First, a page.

In weighing the interests at stake, the Court found that the applicant was in ‘a situation of manifest vulnerability’ as a person who was poor, illiterate, and entirely without income. As a result, she ‘had the right, inherent in human dignity, to be able to express her distress and to try to satisfy her needs by begging’. The (penal) sanction imposed on the applicant was a serious one, and because she was in a precarious and vulnerable position, the transformation of her fine into a deprivation of liberty – which would likely aggravate her distress and vulnerability – was basically automatic. And while combatting human trafficking and the exploitation of children were important, the Court doubted ‘whether the penalization of the victims of these networks is an effective measure against this phenomenon’, noting that the criminalisation of begging can make victims of forced begging even more vulnerable.
The Court emphasised that the applicant had neither been exploited into begging, nor behaved aggressively. Looking now at the argument made by the State about protecting the rights of passers-by and business owners, the Court held that ‘the motivation to make poverty less visible in a city and attracting investment’ is not a legitimate motivation for measures that restrict human rights. It had also not been convincingly demonstrated that less restrictive means were not available. As a result, the Court found that the respondent State had exceeded its margin of appreciation and violated Article 8 ECHR.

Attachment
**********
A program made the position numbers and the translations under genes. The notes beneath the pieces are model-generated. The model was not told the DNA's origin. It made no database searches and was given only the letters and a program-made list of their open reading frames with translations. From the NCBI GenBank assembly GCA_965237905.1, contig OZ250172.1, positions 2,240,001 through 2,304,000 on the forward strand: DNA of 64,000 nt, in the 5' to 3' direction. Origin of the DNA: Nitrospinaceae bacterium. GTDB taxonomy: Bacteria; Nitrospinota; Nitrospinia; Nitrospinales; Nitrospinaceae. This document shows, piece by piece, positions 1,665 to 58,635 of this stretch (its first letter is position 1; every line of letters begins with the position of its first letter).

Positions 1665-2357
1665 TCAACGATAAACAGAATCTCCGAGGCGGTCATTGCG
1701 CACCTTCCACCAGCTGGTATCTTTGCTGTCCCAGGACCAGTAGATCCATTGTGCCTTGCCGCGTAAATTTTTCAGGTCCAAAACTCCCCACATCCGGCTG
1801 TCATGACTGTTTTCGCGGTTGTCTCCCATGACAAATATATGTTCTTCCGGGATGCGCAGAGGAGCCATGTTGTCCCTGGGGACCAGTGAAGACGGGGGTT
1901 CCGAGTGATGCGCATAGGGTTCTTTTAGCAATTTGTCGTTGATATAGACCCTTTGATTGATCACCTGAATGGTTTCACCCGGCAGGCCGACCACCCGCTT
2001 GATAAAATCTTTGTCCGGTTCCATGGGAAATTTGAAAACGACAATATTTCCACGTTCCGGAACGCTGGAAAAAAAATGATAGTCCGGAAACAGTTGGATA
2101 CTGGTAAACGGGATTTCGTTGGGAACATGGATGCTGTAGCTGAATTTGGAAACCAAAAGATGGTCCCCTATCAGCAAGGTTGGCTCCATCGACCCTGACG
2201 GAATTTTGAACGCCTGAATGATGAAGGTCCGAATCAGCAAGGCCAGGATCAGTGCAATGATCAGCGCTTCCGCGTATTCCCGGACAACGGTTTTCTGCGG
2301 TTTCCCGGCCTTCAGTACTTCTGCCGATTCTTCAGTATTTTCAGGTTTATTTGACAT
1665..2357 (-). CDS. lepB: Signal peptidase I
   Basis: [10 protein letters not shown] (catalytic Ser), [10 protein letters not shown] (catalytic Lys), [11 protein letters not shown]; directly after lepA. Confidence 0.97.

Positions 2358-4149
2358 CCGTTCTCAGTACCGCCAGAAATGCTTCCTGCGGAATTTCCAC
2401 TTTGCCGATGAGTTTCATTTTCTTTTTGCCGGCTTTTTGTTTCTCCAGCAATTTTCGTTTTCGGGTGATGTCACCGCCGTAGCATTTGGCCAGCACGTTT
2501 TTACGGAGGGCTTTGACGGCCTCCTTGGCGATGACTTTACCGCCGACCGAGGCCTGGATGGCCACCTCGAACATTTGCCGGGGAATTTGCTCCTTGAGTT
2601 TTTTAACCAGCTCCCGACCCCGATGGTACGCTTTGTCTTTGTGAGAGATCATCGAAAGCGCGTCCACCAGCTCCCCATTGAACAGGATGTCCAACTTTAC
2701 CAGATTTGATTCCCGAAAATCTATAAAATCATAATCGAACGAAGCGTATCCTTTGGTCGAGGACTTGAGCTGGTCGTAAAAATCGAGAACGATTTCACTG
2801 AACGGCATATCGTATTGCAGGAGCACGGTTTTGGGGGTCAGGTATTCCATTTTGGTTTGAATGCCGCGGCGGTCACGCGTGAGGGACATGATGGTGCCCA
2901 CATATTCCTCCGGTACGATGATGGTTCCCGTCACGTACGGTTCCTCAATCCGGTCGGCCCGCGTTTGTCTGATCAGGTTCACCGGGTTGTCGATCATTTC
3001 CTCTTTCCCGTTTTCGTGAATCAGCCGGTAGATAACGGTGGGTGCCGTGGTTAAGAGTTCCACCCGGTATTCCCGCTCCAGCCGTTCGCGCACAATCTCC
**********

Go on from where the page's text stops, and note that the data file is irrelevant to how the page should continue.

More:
Having made this (unanimous) finding under Article 8, the Court held (by five to two) that it was not necessary to rule separately on the claims made under Article 10 (freedom of expression) and Article 14 (non-discrimination).
Three judges appended separate opinions to the judgment. Their arguments, succinctly summarised, were as follows.